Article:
6 Types of Atheists

Timshel

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http://www.alternet.org/belief/6-types-atheists-and-non-believers-america?page=0,1

http://www.alternet.org/belief/6-types-atheists-and-non-believers-america?page=0,1With the rising number of people in America— now nearly one in five—who have no religious affiliation at all, more people are asking questions about who exactly these unbelievers are. Not all of them identify as atheist or agnostic or a non-believer, but plenty do, and while there are many people offering to defend this particular community, few are willing to speak for them.


After all, unlike religious believers, non-believers have no authorities, no hierarchies, no theology, nothing for us to look at to determine exactly who these people are. In addition, the public image of atheists, who are a diverse group in reality, is being shaped by a handful of vocal white men—Richard Dawkins and Christopher Hitchens being the most famous—who, while well-respected in the atheist community, are not really representative.


Because of this, researchers at the University of Tennessee at Chattanooga decided to poll and interview non-believers to find out what kind of people abandon religious faith and why. Based on this research, the project authors were able to divide non-believers into six basic categories, some of which may surprise you.


First things first: While atheists have a public image of being dogmatic and belligerent—an image that famous atheists like Bill Maher only end up reinforcing—researchers found that to absolutely not be true. Only 15 percent of non-believers even fit in the category of those who actively seek out religious people to argue with, and the subset that are dogmatic about it are probably even smaller than that. But that doesn’t mean that the majority of non-believers are just sitting around, twiddling their thumbs and not letting atheism affect their worldview. On the contrary, researchers found that the majority of non-believers take some kind of action in the world to promote humanism, atheism or secularism. Here is a breakdown of the types.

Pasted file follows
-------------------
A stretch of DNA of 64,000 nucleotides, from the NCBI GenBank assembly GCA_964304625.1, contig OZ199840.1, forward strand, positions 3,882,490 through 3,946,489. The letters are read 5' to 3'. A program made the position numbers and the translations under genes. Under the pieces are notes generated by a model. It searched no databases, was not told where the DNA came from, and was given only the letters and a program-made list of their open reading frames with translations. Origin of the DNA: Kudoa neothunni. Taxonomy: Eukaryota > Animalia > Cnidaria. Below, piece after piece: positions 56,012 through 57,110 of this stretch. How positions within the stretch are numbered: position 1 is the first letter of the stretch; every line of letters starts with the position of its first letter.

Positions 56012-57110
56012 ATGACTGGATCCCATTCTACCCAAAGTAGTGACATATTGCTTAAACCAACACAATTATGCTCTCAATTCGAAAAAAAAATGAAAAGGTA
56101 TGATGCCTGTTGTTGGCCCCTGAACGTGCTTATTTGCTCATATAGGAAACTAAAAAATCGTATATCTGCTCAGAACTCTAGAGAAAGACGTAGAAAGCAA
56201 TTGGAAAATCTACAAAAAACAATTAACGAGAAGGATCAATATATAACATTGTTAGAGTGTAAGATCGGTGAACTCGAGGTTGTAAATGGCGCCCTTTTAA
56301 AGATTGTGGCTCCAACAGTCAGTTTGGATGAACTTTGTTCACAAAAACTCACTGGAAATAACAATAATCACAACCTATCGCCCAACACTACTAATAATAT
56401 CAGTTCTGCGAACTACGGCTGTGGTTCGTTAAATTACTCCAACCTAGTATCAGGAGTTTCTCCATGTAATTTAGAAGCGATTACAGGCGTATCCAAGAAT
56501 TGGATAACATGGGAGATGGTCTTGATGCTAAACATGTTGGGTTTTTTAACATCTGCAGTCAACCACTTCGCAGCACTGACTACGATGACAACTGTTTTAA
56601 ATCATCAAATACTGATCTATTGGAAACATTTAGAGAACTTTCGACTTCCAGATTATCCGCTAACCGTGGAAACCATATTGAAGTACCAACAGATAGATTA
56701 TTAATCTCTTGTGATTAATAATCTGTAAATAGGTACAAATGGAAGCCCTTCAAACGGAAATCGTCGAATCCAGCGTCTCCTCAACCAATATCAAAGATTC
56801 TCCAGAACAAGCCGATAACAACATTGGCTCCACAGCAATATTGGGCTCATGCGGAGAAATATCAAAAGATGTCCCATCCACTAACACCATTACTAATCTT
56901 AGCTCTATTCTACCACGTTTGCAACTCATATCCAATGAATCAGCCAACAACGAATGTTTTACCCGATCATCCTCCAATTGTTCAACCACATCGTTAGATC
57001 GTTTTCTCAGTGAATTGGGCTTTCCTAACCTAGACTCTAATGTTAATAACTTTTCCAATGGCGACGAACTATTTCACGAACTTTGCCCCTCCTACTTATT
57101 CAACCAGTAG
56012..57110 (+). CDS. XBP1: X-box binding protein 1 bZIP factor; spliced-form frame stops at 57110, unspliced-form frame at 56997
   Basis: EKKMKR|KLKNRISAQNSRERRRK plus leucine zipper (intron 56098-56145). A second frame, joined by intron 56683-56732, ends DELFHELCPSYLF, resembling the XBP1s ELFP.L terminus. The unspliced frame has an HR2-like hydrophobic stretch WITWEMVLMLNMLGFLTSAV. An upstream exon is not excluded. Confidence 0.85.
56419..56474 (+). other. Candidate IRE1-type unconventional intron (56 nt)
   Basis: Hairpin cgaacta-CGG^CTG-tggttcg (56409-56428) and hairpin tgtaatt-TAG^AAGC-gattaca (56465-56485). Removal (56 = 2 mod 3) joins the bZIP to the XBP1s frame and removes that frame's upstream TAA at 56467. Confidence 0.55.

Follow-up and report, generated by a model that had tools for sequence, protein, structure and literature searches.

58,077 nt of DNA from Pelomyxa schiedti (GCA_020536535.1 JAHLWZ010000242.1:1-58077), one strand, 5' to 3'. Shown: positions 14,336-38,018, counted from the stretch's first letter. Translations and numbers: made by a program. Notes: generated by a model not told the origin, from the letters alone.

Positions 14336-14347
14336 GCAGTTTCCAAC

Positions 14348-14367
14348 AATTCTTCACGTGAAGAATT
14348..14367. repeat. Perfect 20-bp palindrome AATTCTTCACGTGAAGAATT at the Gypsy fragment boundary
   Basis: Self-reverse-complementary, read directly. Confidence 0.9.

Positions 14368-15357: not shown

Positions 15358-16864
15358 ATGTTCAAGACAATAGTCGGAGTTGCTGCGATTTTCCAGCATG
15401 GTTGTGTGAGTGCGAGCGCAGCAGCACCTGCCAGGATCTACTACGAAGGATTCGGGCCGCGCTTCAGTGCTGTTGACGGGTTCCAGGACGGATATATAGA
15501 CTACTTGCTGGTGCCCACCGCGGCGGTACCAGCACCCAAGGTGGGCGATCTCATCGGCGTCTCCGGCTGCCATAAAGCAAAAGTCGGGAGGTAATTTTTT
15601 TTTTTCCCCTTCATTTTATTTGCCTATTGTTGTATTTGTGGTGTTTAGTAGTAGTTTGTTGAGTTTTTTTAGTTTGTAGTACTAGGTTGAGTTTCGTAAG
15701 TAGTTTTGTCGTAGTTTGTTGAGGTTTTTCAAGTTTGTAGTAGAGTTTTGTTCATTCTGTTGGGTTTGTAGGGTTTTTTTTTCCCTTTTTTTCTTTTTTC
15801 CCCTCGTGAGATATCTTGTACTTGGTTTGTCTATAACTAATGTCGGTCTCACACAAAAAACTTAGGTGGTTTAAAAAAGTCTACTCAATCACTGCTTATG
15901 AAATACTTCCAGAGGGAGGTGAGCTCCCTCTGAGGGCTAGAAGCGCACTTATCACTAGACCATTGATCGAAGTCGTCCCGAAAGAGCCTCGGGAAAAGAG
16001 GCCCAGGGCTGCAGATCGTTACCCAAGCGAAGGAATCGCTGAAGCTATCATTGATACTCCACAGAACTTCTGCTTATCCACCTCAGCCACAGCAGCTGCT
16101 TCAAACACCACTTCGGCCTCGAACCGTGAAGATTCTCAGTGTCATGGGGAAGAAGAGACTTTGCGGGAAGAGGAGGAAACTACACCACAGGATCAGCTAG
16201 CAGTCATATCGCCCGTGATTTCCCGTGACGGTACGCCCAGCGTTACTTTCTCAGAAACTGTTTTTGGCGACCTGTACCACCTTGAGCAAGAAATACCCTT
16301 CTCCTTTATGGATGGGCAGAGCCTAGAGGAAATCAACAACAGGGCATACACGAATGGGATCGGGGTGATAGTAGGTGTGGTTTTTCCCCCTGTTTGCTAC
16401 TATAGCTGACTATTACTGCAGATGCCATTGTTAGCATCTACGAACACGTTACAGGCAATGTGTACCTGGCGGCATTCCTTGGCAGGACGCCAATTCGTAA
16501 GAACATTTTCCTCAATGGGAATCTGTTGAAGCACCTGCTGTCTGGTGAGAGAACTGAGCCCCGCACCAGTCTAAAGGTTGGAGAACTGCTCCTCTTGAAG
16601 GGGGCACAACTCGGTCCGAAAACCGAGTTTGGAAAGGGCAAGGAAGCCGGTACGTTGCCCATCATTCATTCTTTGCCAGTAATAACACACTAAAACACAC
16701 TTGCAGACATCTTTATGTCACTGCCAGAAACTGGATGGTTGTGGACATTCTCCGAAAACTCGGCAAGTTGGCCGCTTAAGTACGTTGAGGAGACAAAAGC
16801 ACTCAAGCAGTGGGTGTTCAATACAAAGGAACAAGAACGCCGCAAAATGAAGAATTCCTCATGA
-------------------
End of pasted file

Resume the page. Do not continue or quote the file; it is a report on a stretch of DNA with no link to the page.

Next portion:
http://www.alternet.org/belief/6-types-atheists-and-non-believers-america?page=0,1
 
Do you think the types are complete? Where do you fall?

I think they are pretty complete. I would say I am an intellectual atheist/agnostic.
 
Is this a religious forum or a political forum?

“Congress shall make no law respecting the establishment of religion……”
 
Classic Liberal
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Ahh, that's better.

A troll is a pretend libertarian posting off topic shit in my thread. I am curious if someone was not upset that he could not derail this with another login? Hmmmm.....

Our religious beliefs or lack thereof, obviously, impact our politics, even in a secular state as they may give reason to attack or defend the secular state. This article referenced political beliefs in the classifications of atheists. It is, without any doubt, politically relevant. But the title makes clear what it's about and if you are not interested there is no need for you to post or read. If you want to start another thread to discuss the relevance of posting such things, go for it.
 
2. Activist. This group also gets commonly accused of being dogmatic, but like the intellectual atheist, while they’re firm in their beliefs, they’re intellectually flexible and don’t prioritize attacking believers. Instead, they are motivated by a strong sense of humanist values to make change in the world, often making related issues—such as feminism, gay rights, or the environment—a priority over simply advocating atheism. This group also advocates for a better, more egalitarian atheist community, according to researchers: “They seek to be both vocal and proactive regarding current issues in the atheist and/or agnostic socio-political sphere." Because of this, they unfortunately attract a lot of abuse from a small but vocal minority of atheists who disapprove of linking secularism with larger social justice issues, but they do have the numbers on their side. They are the second biggest sub-category of non-believers, making up 23 percent of non-believers.




the closest for me is 2